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|Copyright: Khairil A Junos|
Electric cars are sending tire particles into the soil, air, and water
Electric cars fix one pollution problem—and worsen another. David Zipper writes for The Atlantic.
In a nutshell:
Just when we seem to be on the cusp of mass EV adoption and preparing to glide forth into a guilt-free, sustainable transportation future, current research compels us to take a serious look at where the rubber meets the road. A vehicle expels toxics from more places than the tailpipe. In fact, in today's vehicles, tire pollution is typically worse than engine emissions, and the increased vehicle weight of EVs threatens to accelerate tire wear.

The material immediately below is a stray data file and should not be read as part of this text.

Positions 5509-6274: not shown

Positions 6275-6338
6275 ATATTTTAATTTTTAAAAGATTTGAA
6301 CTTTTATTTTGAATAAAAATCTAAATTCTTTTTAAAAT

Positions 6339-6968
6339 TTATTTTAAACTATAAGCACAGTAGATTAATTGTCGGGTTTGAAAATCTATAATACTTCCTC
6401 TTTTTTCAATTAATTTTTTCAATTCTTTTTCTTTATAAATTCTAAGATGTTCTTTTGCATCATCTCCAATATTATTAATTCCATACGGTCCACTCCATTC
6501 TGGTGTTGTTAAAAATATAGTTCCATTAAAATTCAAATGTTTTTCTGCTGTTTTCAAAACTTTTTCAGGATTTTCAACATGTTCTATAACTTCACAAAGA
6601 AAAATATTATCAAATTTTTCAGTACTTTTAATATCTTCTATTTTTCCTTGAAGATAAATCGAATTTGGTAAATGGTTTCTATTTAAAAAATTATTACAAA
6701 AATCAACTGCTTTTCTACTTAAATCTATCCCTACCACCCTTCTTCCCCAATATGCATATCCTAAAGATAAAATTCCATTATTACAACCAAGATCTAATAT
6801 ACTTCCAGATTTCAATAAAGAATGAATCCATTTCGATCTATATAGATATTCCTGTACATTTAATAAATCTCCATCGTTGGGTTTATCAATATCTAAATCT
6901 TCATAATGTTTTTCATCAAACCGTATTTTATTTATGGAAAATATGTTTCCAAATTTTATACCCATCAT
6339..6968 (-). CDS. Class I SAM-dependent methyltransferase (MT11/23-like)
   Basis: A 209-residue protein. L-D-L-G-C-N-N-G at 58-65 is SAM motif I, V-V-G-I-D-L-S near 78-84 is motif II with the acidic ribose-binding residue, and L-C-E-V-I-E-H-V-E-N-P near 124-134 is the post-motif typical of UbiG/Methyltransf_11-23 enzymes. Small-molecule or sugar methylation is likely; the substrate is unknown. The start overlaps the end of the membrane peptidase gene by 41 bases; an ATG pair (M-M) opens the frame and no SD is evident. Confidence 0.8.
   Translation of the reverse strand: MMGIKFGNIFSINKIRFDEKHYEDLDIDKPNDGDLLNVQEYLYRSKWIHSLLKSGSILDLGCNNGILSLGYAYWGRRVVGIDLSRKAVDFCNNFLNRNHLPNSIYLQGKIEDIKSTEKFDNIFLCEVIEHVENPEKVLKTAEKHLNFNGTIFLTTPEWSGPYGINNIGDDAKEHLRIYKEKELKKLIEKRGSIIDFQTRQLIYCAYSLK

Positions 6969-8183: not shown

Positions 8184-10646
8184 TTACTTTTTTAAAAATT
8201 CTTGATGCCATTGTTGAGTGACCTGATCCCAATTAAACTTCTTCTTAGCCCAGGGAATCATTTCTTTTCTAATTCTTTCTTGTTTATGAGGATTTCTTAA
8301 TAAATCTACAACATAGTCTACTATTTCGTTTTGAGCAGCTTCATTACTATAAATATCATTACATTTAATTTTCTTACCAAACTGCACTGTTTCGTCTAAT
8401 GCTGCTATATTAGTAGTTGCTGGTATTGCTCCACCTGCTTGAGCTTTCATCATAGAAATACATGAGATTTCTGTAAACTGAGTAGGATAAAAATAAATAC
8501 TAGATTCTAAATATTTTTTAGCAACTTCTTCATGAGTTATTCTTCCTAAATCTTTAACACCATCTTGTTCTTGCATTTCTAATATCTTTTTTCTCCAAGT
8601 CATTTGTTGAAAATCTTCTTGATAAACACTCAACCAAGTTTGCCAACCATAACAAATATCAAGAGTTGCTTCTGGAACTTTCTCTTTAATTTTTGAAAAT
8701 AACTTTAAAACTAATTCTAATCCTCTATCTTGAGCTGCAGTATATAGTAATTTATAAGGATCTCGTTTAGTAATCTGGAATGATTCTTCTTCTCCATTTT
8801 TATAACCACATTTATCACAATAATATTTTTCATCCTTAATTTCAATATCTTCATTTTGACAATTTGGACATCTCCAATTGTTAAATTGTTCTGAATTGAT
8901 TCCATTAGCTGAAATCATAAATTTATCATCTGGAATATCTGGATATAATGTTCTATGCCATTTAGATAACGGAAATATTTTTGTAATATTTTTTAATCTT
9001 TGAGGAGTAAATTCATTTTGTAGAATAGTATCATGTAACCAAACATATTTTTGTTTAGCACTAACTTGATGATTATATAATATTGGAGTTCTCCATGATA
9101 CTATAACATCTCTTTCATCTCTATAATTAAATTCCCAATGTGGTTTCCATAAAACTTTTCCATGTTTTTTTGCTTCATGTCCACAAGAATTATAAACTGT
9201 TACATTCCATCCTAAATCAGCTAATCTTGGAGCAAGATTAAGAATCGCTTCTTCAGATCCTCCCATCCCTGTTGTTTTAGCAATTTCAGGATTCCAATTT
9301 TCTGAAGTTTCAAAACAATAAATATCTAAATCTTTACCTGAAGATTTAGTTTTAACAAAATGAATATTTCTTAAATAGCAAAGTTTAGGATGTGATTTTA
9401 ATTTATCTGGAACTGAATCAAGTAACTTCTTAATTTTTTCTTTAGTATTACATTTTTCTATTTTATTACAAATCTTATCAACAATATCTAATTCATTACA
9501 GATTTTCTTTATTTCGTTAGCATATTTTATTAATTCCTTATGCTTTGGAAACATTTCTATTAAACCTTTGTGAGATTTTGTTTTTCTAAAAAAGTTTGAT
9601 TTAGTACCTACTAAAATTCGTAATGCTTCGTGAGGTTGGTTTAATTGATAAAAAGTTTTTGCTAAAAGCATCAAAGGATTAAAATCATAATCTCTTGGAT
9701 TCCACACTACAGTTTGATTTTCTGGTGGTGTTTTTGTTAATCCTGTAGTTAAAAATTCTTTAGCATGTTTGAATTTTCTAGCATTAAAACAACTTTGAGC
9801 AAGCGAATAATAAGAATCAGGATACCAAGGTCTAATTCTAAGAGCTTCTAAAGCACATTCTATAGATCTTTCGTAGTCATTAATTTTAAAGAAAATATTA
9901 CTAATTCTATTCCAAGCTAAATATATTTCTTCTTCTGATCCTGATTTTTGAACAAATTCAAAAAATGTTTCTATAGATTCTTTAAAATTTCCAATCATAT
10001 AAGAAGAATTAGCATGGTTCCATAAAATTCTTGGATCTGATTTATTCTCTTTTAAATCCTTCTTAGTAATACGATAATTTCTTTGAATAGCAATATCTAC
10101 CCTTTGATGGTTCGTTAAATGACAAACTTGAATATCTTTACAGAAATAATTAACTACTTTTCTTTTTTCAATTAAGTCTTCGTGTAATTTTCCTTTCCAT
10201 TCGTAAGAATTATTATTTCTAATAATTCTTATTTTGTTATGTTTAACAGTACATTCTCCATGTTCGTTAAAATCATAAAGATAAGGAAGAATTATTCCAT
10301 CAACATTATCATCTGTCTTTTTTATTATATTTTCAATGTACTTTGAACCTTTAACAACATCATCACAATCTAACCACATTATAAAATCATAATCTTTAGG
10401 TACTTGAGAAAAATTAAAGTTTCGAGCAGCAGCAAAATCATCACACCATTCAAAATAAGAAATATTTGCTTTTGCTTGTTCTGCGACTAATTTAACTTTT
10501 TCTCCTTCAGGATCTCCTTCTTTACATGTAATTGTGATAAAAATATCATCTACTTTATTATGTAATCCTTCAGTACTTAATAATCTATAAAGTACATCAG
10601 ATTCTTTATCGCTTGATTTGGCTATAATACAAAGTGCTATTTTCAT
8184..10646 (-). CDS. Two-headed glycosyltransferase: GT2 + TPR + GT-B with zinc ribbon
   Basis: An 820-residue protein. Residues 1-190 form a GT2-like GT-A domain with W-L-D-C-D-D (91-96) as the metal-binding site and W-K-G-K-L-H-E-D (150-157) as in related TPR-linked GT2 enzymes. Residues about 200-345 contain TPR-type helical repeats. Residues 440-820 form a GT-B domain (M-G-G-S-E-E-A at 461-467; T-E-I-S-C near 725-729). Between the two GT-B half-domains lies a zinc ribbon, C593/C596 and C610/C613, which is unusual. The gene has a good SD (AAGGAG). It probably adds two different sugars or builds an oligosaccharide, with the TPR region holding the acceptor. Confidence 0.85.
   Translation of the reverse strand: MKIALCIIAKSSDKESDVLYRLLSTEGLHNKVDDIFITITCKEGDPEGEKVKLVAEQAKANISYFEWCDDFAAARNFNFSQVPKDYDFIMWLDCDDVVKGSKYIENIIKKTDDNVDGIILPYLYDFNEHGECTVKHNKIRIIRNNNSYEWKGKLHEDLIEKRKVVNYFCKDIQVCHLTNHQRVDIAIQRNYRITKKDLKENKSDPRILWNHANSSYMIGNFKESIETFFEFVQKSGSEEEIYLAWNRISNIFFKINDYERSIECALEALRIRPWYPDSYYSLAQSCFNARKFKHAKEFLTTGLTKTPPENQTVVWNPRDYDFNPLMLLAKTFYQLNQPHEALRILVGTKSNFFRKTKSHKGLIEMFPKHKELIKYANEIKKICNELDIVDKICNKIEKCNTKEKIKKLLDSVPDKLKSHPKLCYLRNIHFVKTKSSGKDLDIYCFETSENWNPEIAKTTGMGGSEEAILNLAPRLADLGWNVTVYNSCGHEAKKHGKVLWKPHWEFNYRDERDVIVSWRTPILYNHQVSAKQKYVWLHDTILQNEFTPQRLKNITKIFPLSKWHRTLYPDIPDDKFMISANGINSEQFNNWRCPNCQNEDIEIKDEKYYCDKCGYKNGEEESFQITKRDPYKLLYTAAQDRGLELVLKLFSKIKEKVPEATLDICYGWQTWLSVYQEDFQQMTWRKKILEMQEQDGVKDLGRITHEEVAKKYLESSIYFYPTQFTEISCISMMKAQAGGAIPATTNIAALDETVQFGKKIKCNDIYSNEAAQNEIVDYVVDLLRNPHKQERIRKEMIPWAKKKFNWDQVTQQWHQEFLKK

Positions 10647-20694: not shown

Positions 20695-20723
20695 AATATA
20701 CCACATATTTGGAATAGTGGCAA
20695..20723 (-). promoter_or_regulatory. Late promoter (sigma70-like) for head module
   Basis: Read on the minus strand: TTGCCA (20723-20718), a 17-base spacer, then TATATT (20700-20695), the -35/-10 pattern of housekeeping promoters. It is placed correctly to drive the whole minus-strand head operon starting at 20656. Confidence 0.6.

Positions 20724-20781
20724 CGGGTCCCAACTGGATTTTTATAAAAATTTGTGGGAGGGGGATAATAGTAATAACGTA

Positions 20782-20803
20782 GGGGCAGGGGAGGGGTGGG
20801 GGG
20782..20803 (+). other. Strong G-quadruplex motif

“The tire people look at the tires, the car people look at the cars, and the road people look at the roads, but it needs to come together.”
Once again, the quest for a more sustainable future runs smack into capitalism. Manufacturers of next-generation electric vehicles have been tooling up and preparing for an electric future. But the money and the demand is in trucks and SUVs. EVs, heavier by nature due to the battery, are expected to chew through tires at a much higher rate, expelling microplastics that find their way into air, waterways and the food chain.